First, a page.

Shared Care Record rollout already proving its worth.
Phase 1 of the roll-out of the ‘Shared Care Record’ – a way of electronically sharing vital health information among Health professionals in the Wairarapa – was completed last week, and already has already reduced risks for patients and saved hours of work.
“Within the first two days I had used the system half a dozen times,” says GP Annie Lincoln. “I was working at Whaiora and seeing new patients. Normally it takes time and phone calls to access their previous clinical notes, but with the Shared Care Record, all I had to do was log on and information on the patient’s diagnosis, current medications, and allergy status was immediately available.”
In one instance, a new patient informed Dr Lincoln that she was on eight medications and had allergies to several others, but could not recall the names of either the current medications or the ones to which she was allergic. “It was a real relief to have access to the Shared Care Record,” said Dr Lincoln. “Not only could I be confident I was not prescribing something that would cause known harm, but the patient avoided a potentially long wait for me to be able to access the information I needed, and consequently, the next patient avoided an unnecessary wait too.”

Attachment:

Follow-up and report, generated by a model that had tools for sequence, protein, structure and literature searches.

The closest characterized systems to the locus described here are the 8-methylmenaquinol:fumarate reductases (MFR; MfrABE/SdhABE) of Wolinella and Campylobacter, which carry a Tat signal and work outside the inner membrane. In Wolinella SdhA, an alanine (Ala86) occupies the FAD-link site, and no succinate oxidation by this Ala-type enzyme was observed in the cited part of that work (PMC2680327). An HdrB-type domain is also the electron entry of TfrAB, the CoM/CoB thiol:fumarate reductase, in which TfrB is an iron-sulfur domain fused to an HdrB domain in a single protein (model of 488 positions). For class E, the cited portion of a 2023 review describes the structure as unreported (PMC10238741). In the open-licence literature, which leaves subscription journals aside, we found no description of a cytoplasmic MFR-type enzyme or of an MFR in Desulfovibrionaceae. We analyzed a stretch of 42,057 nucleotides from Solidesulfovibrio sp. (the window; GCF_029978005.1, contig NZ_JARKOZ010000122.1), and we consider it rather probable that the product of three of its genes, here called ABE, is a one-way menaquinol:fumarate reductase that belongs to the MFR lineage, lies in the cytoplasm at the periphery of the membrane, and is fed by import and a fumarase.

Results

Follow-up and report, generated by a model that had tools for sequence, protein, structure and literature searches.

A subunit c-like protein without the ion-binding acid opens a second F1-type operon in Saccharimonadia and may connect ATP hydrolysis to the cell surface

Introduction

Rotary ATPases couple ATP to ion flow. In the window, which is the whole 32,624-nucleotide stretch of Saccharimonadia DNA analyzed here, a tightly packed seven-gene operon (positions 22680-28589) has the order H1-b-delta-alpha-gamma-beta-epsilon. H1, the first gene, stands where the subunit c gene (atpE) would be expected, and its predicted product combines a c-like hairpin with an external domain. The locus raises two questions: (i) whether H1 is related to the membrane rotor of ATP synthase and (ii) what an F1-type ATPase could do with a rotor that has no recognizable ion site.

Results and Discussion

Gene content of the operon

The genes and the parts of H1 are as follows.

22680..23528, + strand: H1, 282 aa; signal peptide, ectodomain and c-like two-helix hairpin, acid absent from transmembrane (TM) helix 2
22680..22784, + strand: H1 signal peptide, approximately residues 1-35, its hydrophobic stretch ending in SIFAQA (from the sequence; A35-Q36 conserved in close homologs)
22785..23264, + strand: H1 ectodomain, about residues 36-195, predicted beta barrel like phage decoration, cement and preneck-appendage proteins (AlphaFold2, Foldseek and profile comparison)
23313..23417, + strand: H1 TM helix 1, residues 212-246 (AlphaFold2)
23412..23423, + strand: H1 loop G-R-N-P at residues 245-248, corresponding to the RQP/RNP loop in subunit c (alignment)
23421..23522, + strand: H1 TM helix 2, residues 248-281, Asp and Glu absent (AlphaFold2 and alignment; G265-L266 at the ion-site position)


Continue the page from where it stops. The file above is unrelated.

The software being used for the Shared Care Record is a New Zealand-built product which enables health providers to easily access a summary record of patient information through a secure web-browser connection. Only authorised health professionals can access the information. The scheme is being rolled out in the Wairarapa, with Whaiora, Masterton Medical, Carterton and Martinborough General Practices, covering 80% of the population, now all ‘on-line’. Access from the Emergency Department of Wairarapa Hospital is planned for later this month.
“Taking part in this scheme has very real benefits in terms of safety and patient care, and best use of everyone’s time,” says Wairarapa DHB Chief Medical Officer Dr Alan Shirley. “However, it’s important to know that individual patients can “opt out” if they do not want the selected information of their primary care health record shared with hospital staff through the Shared Care Record process. If they do not want their health information shared in this way they can tell their general practice, write to a free-post address or free-phone 0800 SCR MMH or 0800 727 664.”
The system is being rolled out across the Wairarapa, in conjunction with other local PHOs within the Capital and Coast and MidCentral health districts in the coming months.